A mobile app crash rate is the rate at which an app crashes once users open it. If your app crash rate is too high, this indicates a potentially serious problem with the app that you need to fix. Otherwise, your crash rate could have a negative impact on users' satisfaction. Even if users otherwise like your app, if they experience frequent and inconvenient crashes, this could be enough to encourage users to uninstall and abandon your app entirely.
If the app crash rate is alarming, developers should figure out what's causing the crashes and how best to reduce or eliminate the risk of crashes.
You can calculate the crash rate by dividing the number of times a user has launched the app by the number of crashes occurring within the same time period. You can then multiply this number by 100 to give you a percentage. Typically, this accounts for a 24-hour period, which is normally sufficient for gauging the performance of an app on a daily basis and identifying specific issues.
For example, an app might see 21 opens and 3 crashes in a day. This would give you a 14% crash rate, which is much higher than what you would want. Generally, the ideal app crash rate is less than 1% per user, less than 0.1% per session, and less than 0.01% per screen view.
Before launching any app, it's important to minimize the app crash rate and ensure good performance. Regardless of the quality of the rest of the user experience, a high crash rate could mean the difference between a successful and failed app.
There are several reasons why an app might crash. So, what does a crashing app mean, exactly? The following are some of the main issues that can lead to a high crash rate.
You should always test your app before launching it and continue testing it to ensure it continues to function properly. Even if you test it frequently, you need to ensure you're correctly testing it and that your tests aren't superficial.
Testing normally involves running the app in various environments. For example, you might try to run the app on Androids, which could indicate your Android app crash rate as compared to your iOS crash rate. You can also test the app with different specifications to see if these interfere with the user experience and contribute to app crashes.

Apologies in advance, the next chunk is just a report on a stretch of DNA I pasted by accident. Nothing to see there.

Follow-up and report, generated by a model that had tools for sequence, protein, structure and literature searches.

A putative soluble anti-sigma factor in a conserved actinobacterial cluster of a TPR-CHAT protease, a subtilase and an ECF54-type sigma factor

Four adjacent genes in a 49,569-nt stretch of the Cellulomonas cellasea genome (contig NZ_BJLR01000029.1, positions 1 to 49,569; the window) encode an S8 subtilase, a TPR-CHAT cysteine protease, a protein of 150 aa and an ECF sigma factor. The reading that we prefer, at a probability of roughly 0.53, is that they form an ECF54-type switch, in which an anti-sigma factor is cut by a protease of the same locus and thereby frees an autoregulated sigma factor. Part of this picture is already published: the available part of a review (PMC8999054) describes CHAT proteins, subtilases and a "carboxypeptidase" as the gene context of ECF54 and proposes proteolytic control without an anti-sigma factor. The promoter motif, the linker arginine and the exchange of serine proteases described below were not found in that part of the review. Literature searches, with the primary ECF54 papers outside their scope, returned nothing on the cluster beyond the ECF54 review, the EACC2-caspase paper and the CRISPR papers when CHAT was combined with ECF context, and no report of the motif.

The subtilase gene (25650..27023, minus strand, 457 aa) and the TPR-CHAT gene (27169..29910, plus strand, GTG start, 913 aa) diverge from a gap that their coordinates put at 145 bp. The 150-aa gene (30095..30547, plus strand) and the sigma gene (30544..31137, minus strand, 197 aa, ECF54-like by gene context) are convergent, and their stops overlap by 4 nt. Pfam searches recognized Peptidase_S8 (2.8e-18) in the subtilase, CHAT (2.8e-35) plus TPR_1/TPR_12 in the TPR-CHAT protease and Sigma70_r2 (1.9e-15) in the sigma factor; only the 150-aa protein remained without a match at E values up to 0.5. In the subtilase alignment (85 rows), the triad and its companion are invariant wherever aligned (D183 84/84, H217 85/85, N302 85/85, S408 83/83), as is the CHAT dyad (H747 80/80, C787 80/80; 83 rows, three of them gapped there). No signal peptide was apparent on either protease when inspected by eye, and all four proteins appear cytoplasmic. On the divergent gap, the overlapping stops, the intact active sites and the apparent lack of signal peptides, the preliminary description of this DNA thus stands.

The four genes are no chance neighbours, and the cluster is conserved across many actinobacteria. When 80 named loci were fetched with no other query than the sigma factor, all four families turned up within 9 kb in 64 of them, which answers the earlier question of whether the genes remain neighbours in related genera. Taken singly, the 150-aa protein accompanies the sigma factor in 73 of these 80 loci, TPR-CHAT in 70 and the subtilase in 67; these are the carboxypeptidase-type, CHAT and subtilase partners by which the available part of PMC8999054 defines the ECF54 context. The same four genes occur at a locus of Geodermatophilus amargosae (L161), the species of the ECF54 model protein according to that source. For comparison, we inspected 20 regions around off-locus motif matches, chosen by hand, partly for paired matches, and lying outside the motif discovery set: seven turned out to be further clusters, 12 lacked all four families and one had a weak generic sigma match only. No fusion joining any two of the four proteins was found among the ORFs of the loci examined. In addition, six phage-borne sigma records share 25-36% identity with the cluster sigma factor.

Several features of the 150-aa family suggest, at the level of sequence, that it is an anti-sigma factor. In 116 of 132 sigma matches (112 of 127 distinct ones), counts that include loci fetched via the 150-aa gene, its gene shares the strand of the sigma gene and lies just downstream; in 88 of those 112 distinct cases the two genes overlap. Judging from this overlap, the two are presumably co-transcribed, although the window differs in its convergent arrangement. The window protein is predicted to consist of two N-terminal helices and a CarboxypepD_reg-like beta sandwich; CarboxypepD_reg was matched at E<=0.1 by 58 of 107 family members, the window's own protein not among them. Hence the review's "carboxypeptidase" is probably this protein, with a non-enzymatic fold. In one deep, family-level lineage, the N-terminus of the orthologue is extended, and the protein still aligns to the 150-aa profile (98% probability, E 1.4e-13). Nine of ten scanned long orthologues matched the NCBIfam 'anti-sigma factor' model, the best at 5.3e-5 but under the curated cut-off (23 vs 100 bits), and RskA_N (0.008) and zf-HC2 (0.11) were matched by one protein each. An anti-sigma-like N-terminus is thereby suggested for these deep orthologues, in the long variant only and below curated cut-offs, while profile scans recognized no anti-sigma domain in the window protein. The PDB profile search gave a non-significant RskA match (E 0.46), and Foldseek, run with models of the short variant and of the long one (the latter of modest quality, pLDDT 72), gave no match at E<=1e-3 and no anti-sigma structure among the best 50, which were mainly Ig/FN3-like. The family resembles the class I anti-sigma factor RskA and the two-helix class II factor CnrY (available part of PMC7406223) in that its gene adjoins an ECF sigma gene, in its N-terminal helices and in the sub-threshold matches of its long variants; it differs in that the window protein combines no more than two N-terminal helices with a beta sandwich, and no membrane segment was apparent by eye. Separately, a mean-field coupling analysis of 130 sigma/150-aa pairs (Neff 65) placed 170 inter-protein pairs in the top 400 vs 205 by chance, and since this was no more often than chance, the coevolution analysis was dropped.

Another potential cause of app crashes is incompatibility with certain devices. Keep in mind that this is likely to be a bigger issue with Androids than Apple devices. While Apple has complete control over the iOS app environment, this isn't the case with Android. There isn't as much uniformity with Android, which is due to a number of factors. One of these factors is the versatility of hardware, with components sourced from different manufacturers. In addition, you'll have to contend with different iterations of Android operating systems.
If you need assistance with this, Android offers a support library with plenty of resources.
Memory management is among the biggest challenges that app owners face. Often, poor memory management could cause apps to crash by consuming too much of the device's memory. In other cases, the user may simply have too many apps open, limiting the amount of space needed for the app to run.
When developing an app, it's important to remember that users will likely have several other apps open at the same time. As such, your app should be able to accommodate these neighboring apps and provide a consistently smooth experience. This is where iOS development can be more advantageous than Android.